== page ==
Dealing with Child Behavior Problems After Divorce

Posted May 6, 2015 by

It’s no secret that divorce can be one of the most devastating events in a child’s life, with consequences that can ripple deep into adulthood. In the aftermath of a divorce, the sweet child you know so well can morph into a stranger basically overnight, leaving you clueless about what you can do to help them. Research shows that divorce can lead to many negative outcomes for your child, including depression, aggression and regressive behaviors.

How to Deal with Child Behavior Problems After Divorce

The factors that lead to these problems are well-documented, but the real question is: What can you do to help your child move on from ineffective behaviors that are holding them back?

There’s no one-size-fits-all answer, but there are a few things every parent can do to increase the chances of overcoming behavioral problems.

Process Your Own Emotions First
Divorce is not just traumatic for your children; it’s one of the most difficult experiences anyone can go through, no matter how peaceful and amicable the divorce. Children can often pick up on the emotions you think you’re hiding and mirror them back to you. Research shows that a divorce can be even more traumatic on children if one or both of the parents are finding it difficult to adjust to the change. How you react and manage your divorce will be a model for your children; you need to show them that even though you might be having a hard time, you’re going to be okay. It’ll help them see the “light at the end of the tunnel,” which may be just what they need to get them out of their slump.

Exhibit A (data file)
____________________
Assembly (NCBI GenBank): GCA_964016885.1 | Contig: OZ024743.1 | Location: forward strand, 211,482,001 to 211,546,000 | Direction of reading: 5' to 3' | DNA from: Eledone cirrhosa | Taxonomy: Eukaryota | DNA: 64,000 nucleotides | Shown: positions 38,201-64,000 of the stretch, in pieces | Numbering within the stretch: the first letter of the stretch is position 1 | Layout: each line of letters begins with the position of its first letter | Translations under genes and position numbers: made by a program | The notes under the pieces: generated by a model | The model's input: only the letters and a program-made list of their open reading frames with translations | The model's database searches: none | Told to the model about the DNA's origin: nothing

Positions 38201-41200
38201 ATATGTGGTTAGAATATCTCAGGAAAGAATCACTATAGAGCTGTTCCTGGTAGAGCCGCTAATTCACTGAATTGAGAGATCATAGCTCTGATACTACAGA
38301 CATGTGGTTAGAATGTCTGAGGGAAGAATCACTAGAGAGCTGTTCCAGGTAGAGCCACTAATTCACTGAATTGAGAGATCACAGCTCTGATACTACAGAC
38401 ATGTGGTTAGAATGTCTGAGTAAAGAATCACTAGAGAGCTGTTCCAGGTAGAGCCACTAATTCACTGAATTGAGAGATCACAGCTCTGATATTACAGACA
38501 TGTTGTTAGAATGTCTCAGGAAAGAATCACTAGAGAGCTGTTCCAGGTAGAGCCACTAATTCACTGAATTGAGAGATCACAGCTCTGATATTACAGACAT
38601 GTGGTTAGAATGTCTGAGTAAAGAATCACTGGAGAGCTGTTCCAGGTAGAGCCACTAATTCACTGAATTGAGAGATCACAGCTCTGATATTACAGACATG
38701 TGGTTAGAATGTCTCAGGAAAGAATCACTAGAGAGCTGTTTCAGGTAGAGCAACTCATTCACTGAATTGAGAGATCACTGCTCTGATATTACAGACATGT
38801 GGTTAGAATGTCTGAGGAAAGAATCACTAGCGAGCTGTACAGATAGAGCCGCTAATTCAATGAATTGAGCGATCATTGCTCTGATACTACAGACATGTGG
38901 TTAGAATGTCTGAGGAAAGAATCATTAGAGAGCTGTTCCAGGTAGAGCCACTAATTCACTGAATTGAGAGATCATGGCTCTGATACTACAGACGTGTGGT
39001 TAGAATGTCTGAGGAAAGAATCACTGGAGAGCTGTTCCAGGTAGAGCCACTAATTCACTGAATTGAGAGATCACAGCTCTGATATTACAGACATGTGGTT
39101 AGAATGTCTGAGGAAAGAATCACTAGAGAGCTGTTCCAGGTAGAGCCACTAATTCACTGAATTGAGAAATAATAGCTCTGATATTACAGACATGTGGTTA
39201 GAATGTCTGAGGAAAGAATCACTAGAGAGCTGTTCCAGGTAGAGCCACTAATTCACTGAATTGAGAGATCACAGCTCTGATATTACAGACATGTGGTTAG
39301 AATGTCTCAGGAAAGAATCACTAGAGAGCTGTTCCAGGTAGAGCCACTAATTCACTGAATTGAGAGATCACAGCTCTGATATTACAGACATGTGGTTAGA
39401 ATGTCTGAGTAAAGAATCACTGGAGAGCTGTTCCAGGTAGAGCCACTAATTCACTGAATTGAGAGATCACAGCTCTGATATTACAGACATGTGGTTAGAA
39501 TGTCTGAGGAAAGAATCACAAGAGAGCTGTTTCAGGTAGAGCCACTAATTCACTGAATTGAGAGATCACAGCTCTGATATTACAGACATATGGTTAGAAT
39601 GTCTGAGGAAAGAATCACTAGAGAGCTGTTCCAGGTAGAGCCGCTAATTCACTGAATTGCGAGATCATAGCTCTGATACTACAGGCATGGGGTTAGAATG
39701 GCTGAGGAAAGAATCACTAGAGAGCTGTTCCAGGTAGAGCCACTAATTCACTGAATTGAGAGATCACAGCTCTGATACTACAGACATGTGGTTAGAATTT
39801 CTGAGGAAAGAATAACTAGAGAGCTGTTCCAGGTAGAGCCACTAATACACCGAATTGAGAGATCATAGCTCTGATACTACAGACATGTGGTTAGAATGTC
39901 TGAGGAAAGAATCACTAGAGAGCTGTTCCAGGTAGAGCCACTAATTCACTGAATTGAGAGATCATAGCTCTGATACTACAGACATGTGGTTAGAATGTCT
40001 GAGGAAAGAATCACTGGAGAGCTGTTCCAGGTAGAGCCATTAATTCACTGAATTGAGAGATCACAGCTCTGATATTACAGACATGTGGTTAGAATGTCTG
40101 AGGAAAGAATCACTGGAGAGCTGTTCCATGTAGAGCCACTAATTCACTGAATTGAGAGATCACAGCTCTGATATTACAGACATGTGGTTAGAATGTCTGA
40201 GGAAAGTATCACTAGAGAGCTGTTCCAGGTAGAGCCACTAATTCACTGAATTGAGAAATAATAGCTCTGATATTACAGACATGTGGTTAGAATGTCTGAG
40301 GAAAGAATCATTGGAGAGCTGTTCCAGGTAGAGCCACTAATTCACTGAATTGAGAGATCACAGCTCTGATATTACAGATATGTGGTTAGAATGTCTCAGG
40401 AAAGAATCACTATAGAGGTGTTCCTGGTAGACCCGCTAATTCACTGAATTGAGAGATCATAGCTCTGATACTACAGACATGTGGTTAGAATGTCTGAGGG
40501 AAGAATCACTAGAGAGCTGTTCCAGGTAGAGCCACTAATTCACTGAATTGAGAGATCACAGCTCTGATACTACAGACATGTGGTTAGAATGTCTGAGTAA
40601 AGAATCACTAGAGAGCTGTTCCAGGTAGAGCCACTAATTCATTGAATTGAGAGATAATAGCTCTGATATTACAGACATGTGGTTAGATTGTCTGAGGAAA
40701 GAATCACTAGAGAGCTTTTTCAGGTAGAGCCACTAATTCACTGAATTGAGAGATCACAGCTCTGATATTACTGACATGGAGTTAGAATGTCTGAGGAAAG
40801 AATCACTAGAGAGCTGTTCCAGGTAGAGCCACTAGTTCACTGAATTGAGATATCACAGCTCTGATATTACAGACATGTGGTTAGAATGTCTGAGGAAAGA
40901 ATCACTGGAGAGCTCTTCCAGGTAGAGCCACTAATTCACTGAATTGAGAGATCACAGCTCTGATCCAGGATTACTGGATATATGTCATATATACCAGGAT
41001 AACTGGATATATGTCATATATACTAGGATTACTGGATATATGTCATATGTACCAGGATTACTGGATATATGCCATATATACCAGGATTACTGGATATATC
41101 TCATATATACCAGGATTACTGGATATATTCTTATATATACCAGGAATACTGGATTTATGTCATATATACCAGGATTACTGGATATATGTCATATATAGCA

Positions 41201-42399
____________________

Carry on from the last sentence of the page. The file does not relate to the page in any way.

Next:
Don’t Give in to Guilt
Guilt is a convincing liar. It tells you that beating yourself up and overcompensating is a way to take things back to an even keel. The truth is that it only makes you feel better; it can actually cause more damage to the rest of your life—and your children’s—over the long term. Being a “Disneyland parent” after the divorce is a common mistake: one which can actually fuel behavioral problems in your children.